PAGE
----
Macri pushes at Argentina’s closed door


At the end of the world, as Argentines call their southernmost province of Tierra del Fuego, a heavily subsidised industrial hub has managed to survive as what must be one of the most dysfunctional business models on the continent.

“In the assembly plants of Tierra del Fuego, often the only thing that is Argentine is the packaging, the manuals and perhaps the odd wire. Ninety per cent of the inputs come from abroad. That has to change,” says Miguel Ponce, a former undersecretary for industry and trade.

The tax-free zone on the desolate archipelago 500 miles from Antarctica, where goods cost two to three times what they do in neighbouring countries, is only the most egregious example of a business culture in Argentina that is often more reliant on protectionism than entrepreneurial vigour.

In a push to prove to the world that his country is “open for business”, Argentina’s investor-friendly president Mauricio Macri last week held a business forum that saw almost 2,000 international and local executives descend on Buenos Aires.

Offering them some $240bn of investment opportunities in sectors such as infrastructure, energy and mining, Mr Macri hopes that increased investment and competition will help to revitalise corporate culture in Argentina’s stagnant economy.

“We have to let some of the old business people die off so that new ones can emerge,” said Gustavo Grobocopatel, an Argentine farmer who reviles Argentina’s business class as a cadre of cliquey and oligopolistic companies that is more at home lobbying politicians than competing on an international stage.

In a country where populism has thrived in recent decades, the sweeping changes to Argentine politics represented by Mr Macri’s election last year contrasts starkly with ingrained business practices that Mr Ponce likens to “hunting in the zoo”.

“Argentina needs a new business class that is more conscious of its country, and which thinks about the long term,” says Martin Migoya, chief executive of software company Globant, one of Latin America’s six “unicorns”, tech start-ups now worth over $1bn, four of which are from Argentina.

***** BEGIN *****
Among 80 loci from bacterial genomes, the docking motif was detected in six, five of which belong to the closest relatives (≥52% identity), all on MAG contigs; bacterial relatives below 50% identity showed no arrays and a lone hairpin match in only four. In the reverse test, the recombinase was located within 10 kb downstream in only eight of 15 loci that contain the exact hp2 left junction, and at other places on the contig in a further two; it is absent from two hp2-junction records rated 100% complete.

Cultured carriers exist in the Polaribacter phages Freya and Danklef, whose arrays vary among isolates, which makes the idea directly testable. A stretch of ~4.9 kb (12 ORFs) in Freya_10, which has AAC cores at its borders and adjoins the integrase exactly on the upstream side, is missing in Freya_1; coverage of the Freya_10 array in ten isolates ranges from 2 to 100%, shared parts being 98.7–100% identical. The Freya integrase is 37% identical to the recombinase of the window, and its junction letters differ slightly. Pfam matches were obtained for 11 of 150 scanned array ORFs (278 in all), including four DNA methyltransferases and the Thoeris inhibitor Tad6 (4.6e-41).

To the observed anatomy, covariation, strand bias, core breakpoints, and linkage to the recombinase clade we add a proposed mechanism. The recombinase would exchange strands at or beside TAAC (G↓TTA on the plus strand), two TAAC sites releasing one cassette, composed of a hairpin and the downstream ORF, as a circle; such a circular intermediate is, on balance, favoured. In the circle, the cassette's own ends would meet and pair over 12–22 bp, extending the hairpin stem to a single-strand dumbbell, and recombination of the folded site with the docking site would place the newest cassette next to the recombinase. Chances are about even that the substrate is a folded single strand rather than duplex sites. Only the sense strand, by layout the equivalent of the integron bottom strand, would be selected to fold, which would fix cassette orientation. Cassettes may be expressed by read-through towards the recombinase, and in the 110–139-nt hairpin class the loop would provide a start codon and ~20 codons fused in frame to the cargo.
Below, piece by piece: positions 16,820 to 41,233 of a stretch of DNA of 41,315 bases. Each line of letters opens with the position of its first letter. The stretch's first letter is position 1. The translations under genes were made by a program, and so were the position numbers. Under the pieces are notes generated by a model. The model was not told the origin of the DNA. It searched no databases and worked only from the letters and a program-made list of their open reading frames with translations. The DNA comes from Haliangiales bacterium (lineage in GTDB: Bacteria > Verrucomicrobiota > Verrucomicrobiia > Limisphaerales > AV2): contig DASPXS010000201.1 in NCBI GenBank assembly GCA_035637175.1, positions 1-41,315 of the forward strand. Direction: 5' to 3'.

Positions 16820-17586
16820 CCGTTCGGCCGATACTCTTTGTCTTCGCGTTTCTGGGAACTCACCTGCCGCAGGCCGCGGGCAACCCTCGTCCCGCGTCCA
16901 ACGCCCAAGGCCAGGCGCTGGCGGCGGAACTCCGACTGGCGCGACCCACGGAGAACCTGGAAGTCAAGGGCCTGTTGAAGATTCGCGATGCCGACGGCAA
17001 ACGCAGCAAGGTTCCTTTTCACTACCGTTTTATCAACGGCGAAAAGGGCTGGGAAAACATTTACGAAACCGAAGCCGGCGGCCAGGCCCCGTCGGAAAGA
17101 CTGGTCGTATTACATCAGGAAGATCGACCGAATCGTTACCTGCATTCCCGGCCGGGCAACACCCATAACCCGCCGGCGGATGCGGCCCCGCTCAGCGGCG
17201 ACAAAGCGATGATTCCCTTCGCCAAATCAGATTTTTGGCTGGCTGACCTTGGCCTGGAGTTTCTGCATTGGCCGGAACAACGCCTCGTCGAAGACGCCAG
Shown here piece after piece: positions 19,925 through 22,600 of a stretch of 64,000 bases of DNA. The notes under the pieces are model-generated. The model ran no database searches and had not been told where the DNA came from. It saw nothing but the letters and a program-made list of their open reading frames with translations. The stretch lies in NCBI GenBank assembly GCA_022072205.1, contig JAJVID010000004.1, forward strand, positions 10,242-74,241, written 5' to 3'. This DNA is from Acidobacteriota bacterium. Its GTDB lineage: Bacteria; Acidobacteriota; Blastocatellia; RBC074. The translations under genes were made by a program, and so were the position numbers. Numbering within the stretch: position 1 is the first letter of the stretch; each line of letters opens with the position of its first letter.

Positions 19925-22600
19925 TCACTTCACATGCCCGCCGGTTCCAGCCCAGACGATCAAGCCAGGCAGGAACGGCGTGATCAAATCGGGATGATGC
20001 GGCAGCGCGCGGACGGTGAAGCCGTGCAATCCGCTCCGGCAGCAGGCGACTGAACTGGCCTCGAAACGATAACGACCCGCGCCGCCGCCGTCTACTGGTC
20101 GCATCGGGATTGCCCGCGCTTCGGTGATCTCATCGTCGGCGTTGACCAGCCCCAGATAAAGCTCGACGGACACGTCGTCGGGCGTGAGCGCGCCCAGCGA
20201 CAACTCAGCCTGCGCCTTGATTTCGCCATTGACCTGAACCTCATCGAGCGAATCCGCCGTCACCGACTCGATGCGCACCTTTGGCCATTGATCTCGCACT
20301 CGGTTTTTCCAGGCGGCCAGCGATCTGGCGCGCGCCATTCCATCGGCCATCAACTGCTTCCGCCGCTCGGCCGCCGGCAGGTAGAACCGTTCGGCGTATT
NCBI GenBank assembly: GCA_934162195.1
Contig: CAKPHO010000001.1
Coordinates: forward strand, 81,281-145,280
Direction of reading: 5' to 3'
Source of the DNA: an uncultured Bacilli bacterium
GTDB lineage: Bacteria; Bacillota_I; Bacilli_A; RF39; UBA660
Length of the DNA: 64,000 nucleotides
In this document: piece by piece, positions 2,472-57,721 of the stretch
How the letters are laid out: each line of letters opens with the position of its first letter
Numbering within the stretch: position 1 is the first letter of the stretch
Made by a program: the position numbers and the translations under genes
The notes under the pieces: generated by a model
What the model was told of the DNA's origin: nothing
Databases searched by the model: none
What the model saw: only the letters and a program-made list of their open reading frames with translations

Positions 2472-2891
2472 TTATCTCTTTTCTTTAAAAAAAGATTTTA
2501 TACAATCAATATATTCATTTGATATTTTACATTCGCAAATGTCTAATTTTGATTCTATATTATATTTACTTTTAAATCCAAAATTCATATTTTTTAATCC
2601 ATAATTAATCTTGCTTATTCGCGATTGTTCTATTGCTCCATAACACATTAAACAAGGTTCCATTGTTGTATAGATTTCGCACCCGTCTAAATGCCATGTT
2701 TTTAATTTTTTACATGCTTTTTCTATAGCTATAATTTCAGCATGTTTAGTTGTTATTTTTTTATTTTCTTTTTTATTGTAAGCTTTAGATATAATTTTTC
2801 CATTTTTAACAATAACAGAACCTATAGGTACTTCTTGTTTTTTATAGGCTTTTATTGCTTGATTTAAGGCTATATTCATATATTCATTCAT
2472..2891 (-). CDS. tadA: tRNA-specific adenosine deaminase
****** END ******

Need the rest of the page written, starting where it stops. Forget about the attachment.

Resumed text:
“For 50 years Argentina did not create great companies,” he added, likening the traditional Argentine executive’s attitudes to those of a small-time street vendor.

Despite the emergence of innovative and fiercely competitive companies such as Globant, many local businesses remain hesitant to invest in the new Argentina. “Some patience is required . . . for mindsets to change,” said Peter Orszag, vice-chairman of investment banking at Lazard, who flew in from New York to attend Argentina’s “mini-Davos”.

Persistent economic crises have only worsened the problem posed by Argentina’s cosseted business class. “For decades many Argentine companies were more worried about immediate issues affecting them over the next two or three months, rather than years,” said Sergio Kaufman, who runs Accenture’s operations in Argentina. “Argentina has been stuck in a very closed model that looks more like something out of the 1950s or 1970s, when we really need to be thinking about 2050 or 2070,” he added.

But Argentina’s struggle to boost competitiveness and productivity are not just the fault of companies themselves, argues Ignacio Stegmann, the president of IDEA, a business forum. He points out that there are serious problems in the country’s infrastructure, tax system and bureaucracy that also pose problems.

For example, even though import restrictions on Argentine lemons were eased earlier this year in the US, the airport in the northwestern province Tucumán, one of the biggest producers of lemons in the world, does not have the capacity to transport enough of the fruit to capitalise on the regulatory change.

Even so, both business and union leaders in Argentina are “behind the times”, insists Mr Ponce. “There is still no understanding of the importance of integrating into value chains.

Often the world is seen as more of a threat than an opportunity,” he says.

Opposition lawmaker and presidential hopeful, Sergio Massa, even proposed suspending imports for four months to defend local producers and jobs that are suffering from an “uncontrolled” rise in imports since the new government took power — even though almost 90 per cent of imports are used as inputs. Some observers have interpreted the move by Mr Massa, who until now has been supportive of most government policies, as early manoeuvring ahead of midterm elections next year.

Nevertheless, Mr Kaufman is optimistic. While he argues that Mr Macri’s electoral term of four years will not be enough to ensure lasting change, he says there is now broad consensus among mainstream politicians about the direction the country must take, despite day-to-day bickering. “The waves may look big and choppy, but that’s just on the surface. The deeper currents are strong and more aligned.”

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